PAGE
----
It was only several weeks later that I received a summons with two charges: one under the Public Order Act 1936; and the other under the Justices of the Peace Act 1361 (providing for a binding-over order). My solicitor said that this was an implied offer of a plea-bargain. I would accept a binding-over and the Prosecution (then the police – the CPS had not been established) would drop the breach of the peace under the Public Order Act. However, I refused, because I had done nothing wrong. I still had a touching faith in British justice. How naïve!

The prosecution’s case was bizarre: the police officer said that he had heard shouts of White Power (a British Movement slogan that we were hardly likely to have been chanting) National Front and Kill the Jews (Yes you did read that correctly!). However, neither I nor any of my colleagues had those words attributed to us. If the last words had been attributed to us, we would have faced a (potentially fair) Crown Court trial. They were mentioned simply to demonise us. The police officer said that I had sworn at him using obscene language and calling him an inferior being. The  language  sounded as if it had been stolen from the Daleks’ script in an episode of Dr.Who. The idea that I would speak to anybody in that way beggars belief. The idea that I would address a police officer in such a way is literally incredible. It would be tantamount to saying, “Please arrest me”. I was hardly going to seek prosecution that could very easily have brought about my dismissal. Indeed it would have done so had it not been for some swift. footwork from the Principal and the Chairman of the Further Education Sub-Committee.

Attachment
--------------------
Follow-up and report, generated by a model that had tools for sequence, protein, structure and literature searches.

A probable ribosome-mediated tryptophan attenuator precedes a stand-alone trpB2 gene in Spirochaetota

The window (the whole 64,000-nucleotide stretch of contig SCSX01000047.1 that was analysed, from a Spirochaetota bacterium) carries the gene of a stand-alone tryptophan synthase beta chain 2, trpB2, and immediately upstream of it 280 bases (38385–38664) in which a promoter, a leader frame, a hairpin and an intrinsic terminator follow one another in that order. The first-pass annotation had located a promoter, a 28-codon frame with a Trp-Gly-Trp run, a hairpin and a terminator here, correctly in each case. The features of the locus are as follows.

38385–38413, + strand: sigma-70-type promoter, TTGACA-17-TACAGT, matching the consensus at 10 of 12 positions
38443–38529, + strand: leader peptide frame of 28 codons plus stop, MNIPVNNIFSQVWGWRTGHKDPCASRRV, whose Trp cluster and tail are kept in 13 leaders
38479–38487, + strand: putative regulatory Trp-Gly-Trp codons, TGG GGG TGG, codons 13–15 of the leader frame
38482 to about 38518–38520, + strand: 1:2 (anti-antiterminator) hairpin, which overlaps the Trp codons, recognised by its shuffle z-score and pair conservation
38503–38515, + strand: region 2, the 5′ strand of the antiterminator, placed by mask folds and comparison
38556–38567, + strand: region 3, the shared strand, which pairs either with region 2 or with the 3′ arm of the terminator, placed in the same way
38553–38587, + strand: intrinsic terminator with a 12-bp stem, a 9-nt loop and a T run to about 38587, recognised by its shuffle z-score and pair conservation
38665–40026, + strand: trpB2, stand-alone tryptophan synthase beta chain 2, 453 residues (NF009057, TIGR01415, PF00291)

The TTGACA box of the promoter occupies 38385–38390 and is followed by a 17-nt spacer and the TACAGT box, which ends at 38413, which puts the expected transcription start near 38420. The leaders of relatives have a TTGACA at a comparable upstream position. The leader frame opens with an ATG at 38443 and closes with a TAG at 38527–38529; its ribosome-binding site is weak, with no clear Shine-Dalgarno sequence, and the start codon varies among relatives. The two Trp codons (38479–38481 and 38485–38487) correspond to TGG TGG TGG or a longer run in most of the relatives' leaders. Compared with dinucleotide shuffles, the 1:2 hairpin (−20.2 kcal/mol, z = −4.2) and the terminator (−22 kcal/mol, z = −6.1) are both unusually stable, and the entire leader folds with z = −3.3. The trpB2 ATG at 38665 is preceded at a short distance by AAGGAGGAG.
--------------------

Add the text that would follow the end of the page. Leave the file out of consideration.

It should be remembered that there had been a campaign by left-wing students mainly from other colleges to lose me my job over 1981/1982. This prosecution was simply another attempt to achieve the same end by a different means.

The prosecution called a shop assistant from a local shop whose account was almost identical to our true account of what happened. I and my three colleagues gave clear corroborating evidence and so did a lady who was a member of the public. In addition, my College Principal and a colleague who was Social Tutor and liaised with our many overseas students, attended to give character evidence on my behalf.

The Stipendiary Magistrate conceded that I had probably not used the obscene language (which was tantamount to saying that the police officer had not given accurate evidence) but decided to find us guilty nevertheless and fine us £50 each.

The courts of the state were not going to concede that the Chairman of the National Front had faced fabricated charges. That case was a case of identity theft as clear-cut as if goods had been purchased on my credit card.

If Mr. Andrew Mitchell had been a senior member of some small radical party that would have been his fate. There is one law for  well-connected members of the Political Class and another for radicals opposed to it. If only I had fostered a cosy relationship with the Prime Minister, Mrs. Thatcher……………